Promobot, a Russian startup from the city of Perm near the Ural Mountains, designed its service robots to work in crowded spaces. According to the company, the machine can move autonomously, helping people with navigation. The robot is able to interact and respond to questions.
Since its founding in 2014, Promobot has sold only 320 robots, mostly in Russia. The startup is famous for PR stunts, such as multiple bizarre incidents that involve the company’s “self-teaching robot,” including two escape attempts from the lab that most media sources believed to be fake.
According to the founders, one of the researchers in Perm left the facility without properly closing the door behind him, and an AI-powered Promobot IR77 fled, traveling about 150 feet (45 meters) before its battery ran out. It was allegedly stuck on a street for almost 40 minutes.
Other footage showed a self-teaching robot stopping shelves from falling on a little girl after she tried to climb on them. Oleg Krivokurtsev, the startup founder, claimed Promobot made the maneuver by itself, but it’s very unlikely anyone believes him.
Still, one thing is for sure: You might soon have a chance to talk to a Russian robot in Home Depot or Walmart. Promobot signed a deal with Intellitronix, the publicly-traded manufacturer of LED lighting, LED gauges and panels.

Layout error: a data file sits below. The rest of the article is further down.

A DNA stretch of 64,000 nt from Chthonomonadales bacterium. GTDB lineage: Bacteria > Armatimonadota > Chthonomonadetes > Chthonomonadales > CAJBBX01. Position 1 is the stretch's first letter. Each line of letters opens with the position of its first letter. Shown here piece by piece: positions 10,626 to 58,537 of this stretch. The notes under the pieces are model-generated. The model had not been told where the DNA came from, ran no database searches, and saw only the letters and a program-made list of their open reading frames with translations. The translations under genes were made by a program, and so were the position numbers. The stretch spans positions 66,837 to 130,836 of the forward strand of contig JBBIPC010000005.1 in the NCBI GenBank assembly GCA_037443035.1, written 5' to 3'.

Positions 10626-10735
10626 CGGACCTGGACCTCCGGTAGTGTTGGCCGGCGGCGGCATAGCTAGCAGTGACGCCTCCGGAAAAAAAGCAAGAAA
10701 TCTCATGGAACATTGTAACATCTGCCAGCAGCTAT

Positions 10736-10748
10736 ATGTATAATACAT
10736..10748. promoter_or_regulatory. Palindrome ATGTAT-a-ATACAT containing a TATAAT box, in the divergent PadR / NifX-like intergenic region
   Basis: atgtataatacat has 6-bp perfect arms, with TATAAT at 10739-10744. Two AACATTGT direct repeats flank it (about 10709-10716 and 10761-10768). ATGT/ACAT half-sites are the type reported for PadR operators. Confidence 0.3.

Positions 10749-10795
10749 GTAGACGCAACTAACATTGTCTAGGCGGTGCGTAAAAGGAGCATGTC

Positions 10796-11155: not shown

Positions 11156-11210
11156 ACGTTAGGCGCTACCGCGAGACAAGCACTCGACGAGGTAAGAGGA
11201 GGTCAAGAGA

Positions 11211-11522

The company’s representative confirmed to Russia Beyond that it received the exclusive rights to market their customer service robot in the United States.
“Our customers include Home Depot, Walmart, O’Reily Autoparts and others,” said the Intellitronix representative. “We are currently preparing presentations to our dealer network and are very excited about the potential of this market.”
In the deal, which is worth about $56 million, Promobot will supply robots to the U.S. during the next five years. Starting from 2018, the company is planning to deliver around 75 robots per month, and it plans to increase the number to 100 robots per month in 2022.
"Our engineering staff have been testing the capability and functionality of Promobot upon receiving our first robot order," said Intellitronix CEO, Paul Spivak in a statement. "Promobot impressed our engineers in quality and interactive intelligence in a learning environment."
According to Statista, the global market for robots is forecasted to grow from $39.3 billion in 2017 to $498.6 billion in 2025.
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